Sharing the Good News of Jesus Christ Through Your Life
The year was 1940. The French army had just collapsed under the siege of Hitler's onslaught. The Dutch had folded, overwhelmed by the Nazi regime. The Belgians had surrendered. And the British army was trapped on the coast of France in the channel port of Dunkirk.
Two-hundred and twenty thousand of Britain's finest young men seemed doomed to die, turning the English Channel red with their blood. The Fuhrer's troops, only miles away in the hills of France, didn't realize how close to victory they actually were.
Any rescue seemed feeble and futile in the time remaining. A thin British navy—"the professionals"—told King George VI that at best they could save 17,000 troops. The House of Commons was warned to prepare for "hard and heavy tidings."
Politicians were paralyzed. The King was powerless. And the allies could only watch, as spectators from a distance. Then, as the doom of the British army seemed imminent, a strange fleet appeared on the horizon of the English Channel: the wildest assortment of boats perhaps ever assembled in history. Trawlers, tugs, scows, fishing sloops, lifeboats, pleasure craft, smacks and coasters, sailboats, an island ferry by the name of Gracie Fields, even Endeavor came—the America's cup challenger, and the London fire brigade fire flotilla. Each ship was manned by civilian volunteers—English fathers sailing to rescue Britain's exhausted bleeding sons.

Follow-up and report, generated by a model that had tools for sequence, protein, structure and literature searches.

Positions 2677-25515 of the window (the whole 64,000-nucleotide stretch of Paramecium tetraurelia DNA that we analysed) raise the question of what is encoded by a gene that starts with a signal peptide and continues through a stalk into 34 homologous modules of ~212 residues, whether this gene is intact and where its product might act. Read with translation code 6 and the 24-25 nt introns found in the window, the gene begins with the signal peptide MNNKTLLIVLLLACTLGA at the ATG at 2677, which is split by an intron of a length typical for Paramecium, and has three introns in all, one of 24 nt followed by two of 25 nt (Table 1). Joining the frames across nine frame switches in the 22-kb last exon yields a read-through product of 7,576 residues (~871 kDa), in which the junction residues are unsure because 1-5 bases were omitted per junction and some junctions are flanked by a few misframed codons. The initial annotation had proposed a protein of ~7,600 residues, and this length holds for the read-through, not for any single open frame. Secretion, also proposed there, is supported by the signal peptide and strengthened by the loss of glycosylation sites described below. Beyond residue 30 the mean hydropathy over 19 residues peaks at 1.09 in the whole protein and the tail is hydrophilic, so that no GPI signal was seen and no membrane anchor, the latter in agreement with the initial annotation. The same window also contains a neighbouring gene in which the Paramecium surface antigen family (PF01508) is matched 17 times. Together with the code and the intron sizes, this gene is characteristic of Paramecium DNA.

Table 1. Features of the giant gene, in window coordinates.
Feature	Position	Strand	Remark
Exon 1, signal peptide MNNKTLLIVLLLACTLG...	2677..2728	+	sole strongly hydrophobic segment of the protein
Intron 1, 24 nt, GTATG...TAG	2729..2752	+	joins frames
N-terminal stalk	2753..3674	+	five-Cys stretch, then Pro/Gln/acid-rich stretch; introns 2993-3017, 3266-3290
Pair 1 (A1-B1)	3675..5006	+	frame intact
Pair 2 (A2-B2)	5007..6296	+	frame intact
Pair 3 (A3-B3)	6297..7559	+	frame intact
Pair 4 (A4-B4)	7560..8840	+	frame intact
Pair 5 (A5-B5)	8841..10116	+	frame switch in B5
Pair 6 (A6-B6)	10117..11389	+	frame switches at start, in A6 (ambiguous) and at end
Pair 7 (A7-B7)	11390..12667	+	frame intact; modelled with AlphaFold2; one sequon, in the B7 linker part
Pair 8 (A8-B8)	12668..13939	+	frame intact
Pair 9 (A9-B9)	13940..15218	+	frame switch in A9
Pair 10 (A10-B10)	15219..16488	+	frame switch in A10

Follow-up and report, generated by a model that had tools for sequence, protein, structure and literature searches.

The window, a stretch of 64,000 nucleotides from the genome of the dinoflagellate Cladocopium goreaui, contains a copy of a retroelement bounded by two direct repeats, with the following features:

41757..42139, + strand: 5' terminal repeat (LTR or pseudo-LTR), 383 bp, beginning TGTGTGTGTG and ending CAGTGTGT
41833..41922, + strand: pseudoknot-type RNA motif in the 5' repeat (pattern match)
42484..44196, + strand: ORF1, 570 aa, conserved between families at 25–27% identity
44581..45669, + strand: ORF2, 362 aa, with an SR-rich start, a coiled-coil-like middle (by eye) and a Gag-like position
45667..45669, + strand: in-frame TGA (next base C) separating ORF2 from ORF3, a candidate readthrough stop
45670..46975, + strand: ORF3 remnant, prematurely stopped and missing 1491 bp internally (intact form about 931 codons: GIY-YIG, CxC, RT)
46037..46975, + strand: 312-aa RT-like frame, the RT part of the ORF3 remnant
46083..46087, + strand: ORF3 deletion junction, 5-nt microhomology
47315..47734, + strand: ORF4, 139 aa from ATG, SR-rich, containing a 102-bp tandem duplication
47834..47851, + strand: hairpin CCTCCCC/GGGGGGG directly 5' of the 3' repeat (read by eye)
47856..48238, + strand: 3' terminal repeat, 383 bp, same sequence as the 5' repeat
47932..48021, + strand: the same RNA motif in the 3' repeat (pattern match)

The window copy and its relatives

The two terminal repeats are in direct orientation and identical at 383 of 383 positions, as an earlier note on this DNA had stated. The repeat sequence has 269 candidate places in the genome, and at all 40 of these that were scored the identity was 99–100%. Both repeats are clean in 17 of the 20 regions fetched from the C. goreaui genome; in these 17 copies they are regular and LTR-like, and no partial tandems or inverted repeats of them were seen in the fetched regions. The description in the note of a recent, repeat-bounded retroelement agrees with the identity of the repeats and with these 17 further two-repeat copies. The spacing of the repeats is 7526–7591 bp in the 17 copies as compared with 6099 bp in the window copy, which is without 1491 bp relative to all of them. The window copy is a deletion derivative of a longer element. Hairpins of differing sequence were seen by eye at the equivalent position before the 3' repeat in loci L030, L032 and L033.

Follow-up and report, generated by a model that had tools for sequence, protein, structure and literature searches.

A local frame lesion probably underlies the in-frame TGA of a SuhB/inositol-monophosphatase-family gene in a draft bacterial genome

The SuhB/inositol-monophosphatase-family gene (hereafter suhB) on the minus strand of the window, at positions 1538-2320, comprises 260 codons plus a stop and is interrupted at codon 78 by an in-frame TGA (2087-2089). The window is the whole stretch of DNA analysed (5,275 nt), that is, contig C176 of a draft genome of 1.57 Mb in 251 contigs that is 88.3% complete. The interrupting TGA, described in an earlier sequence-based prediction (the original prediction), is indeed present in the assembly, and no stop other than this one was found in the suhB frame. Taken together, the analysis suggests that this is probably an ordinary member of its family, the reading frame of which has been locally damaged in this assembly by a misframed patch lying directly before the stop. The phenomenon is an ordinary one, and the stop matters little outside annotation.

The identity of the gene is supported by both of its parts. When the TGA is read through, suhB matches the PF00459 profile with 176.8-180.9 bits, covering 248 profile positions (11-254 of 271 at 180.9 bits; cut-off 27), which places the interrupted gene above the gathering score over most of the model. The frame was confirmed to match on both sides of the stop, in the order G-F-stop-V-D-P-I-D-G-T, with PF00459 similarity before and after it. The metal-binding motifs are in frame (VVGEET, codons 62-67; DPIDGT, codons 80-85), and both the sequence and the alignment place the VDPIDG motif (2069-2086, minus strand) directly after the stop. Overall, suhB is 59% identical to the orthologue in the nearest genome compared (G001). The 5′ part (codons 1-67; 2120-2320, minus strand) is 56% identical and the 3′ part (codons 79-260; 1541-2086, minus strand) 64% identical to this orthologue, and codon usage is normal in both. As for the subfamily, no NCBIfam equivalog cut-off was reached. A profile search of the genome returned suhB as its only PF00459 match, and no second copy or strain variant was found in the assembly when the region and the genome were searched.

A lesson for believers
The parallel today is striking. For too long the paid professionals (ministers, missionaries, and full-time Christian workers) have unknowingly robbed laymen of the great privilege of leading others to Christ. But today, like the leaders of Britain, pastors and Christian leaders need civilian volunteers to sign up for a rescue effort of even greater magnitude.
For too long Christian families have compromised their message. When an opportunity arises for confronting a spiritual subject we squirm uncomfortably and mumble something about church (not Christ). We often go to great lengths to avoid asking another person about his eternal destiny and his relationship with Jesus Christ.